HMRC shares further guidance on LTA changes, but 'unanswered questions' remain

HMRC has shared further guidance on key issues surrounding the removal of the lifetime allowance (LTA), although industry experts have warned that there are still unanswered questions, with further clarity needed.

The government previously announced plans to scrap the LTA in its 2023 Spring Budget, in an effort to help ensure that high skilled individuals such as NHS clinicians are not disincentivised from remaining in the workforce.

Industry experts have since argued that there is a lot to do before the latest pensions tax changes reach their ultimate destination on 6 April, with research suggesting that uncertainty remains around the changes.

However, HMRC’s latest update included a number of frequently asked questions, covering issues such as lump sums and lump sum death benefits, reporting requirements, overseas transfer allowances and transitional arrangements.

In addition to this, it also provided further clarification on the application of transitional tax-free amount certificates, confirming that the majority of members should not need to apply for a transitional tax-free amount certificate.

HMRC's updated acknowledged industry concerns that a higher volume of members than expected will apply for these certificates, clarifying however, that this process should only be followed by members who have used less of their available lifetime allowance as tax-free lump sums than under the standard calculation.

It also confirmed that it will publish guidance for members following Royal Assent of the Finance Bill 2023-24, rather than from 6 April 2024.

"Providing members with the opportunity to apply for transitional tax-free amount certificates is however necessary to ensure that they are not put in a worse tax position due to the standard transitional arrangements," HMRC stated.

"Although no one will be put in a worse tax position by the standard transitional arrangements than they would have been under the lifetime allowance system."

HMRC also clarified that members should not apply for a transitional tax-free amount certificate where they believe that this might result in lower available allowances than under the standard transitional calculation.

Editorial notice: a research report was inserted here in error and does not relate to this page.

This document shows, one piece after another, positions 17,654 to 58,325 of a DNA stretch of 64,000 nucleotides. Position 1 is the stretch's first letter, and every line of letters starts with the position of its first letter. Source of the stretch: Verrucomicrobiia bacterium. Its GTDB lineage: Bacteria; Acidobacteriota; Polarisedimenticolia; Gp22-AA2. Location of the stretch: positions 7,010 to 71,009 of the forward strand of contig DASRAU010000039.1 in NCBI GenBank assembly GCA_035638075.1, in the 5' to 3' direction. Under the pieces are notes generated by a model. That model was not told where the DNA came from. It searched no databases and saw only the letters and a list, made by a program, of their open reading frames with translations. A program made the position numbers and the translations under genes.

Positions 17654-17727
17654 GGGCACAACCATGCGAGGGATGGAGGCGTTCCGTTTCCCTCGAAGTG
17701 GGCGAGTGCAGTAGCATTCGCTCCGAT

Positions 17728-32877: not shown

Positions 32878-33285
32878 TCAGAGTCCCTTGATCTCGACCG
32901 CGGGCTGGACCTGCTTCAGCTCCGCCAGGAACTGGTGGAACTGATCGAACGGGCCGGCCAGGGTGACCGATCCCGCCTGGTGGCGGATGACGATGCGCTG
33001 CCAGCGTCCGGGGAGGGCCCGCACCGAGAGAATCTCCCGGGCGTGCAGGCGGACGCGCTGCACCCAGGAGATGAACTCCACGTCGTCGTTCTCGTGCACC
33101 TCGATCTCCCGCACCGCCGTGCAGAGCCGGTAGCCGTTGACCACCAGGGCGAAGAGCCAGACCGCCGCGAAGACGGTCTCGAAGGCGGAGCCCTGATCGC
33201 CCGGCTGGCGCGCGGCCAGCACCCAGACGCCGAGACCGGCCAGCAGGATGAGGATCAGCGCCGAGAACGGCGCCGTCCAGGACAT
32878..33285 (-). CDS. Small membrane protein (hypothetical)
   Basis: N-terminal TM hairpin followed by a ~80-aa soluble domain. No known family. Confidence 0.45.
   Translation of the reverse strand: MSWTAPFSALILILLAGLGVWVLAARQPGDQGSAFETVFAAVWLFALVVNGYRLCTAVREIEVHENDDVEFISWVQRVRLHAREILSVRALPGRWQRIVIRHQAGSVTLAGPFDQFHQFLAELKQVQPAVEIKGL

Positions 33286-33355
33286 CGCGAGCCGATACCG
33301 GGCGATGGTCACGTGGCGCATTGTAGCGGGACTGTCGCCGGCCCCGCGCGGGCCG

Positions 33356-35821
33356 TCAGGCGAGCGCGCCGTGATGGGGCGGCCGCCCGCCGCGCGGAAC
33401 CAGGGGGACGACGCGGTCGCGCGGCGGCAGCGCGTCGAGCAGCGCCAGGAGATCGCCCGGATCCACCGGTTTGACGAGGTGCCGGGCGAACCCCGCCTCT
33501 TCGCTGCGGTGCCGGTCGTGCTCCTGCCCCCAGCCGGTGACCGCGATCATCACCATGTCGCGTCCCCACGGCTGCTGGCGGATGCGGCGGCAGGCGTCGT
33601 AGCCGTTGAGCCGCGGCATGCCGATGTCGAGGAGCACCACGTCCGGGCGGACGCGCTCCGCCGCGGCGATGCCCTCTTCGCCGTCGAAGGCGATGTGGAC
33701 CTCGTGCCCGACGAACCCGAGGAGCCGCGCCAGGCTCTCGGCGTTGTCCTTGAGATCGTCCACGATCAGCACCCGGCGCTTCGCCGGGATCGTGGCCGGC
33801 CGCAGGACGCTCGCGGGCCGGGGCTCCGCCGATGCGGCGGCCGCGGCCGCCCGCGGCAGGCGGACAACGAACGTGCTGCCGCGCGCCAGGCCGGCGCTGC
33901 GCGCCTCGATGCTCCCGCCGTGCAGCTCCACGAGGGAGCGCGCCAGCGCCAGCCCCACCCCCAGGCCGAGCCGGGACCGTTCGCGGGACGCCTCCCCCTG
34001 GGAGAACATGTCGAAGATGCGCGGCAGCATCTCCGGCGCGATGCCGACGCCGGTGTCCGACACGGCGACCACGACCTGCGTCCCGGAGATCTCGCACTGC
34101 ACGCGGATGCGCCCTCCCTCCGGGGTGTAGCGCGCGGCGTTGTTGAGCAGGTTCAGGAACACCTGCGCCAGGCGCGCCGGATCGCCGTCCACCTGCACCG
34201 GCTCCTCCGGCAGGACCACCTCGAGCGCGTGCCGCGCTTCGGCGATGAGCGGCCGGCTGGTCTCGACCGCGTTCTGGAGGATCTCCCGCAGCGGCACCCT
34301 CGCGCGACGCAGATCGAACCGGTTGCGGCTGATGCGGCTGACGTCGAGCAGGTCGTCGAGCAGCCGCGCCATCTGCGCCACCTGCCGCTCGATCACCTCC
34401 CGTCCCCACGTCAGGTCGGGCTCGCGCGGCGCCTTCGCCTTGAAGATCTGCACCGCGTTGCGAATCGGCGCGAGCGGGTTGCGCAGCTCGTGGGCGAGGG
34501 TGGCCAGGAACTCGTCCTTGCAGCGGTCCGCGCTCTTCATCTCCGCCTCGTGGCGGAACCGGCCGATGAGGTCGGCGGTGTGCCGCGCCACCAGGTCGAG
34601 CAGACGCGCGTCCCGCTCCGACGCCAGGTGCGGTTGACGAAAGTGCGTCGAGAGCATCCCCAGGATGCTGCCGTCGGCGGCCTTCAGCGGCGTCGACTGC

This is because the legislation does not allow for members to apply in order to compare the results under each process, meaning that there is no opportunity to revert to the standard calculation once a transitional tax-free certificate has been granted.

Queries have also been raised on the changes to PAYE regulations and what pension scheme administrators now need to report via Real Time Information (RTI).

HMRC therefore confirmed that there will be changes to PAYE regulations, which will require pension scheme administrators to report any relevant lump sum which is subject to tax, in whole or in part, through RTI.

The changes will also make it mandatory to report the taxable and non-taxable elements of any lump sums reported.

However, HMRC said that, until further notice, administrators should continue to follow the guidance published as part of the Lifetime allowance guidance newsletter — March 2023.

Systems changes are instead expected to be ready for April 2025, with further guidance on the PAYE changes and RTI reporting to be shared in future newsletters.

HMRC will also be sharing further guidance on the changes to enhanced protection, the operation of lump sum and death benefit allowance enhancement factors, and the impact of stand-alone lump sums and lump sums taken under scheme-specific lump sum protection on an individual’s allowances.

Royal London pensions expert, Clare Moffat, said that, with less than two months to go until the removal of the lifetime allowance, the latest update is a welcome clarification on the rules for those responsible for advising clients.

“This is especially true in relation to transitional tax-free amount certificates, which we receive the most queries about, along with questions on the implications of the changes on those who have already taken benefits but who will take more after 6 April,” she added.

“However, there are still unanswered questions. HMRC state that more information will follow in the coming weeks in future newsletters and guidance. We look forward to seeing that clarity to ensure advisers can give their clients appropriate advice.”

The next pension scheme newsletter is due to be published the week commencing 19 February.

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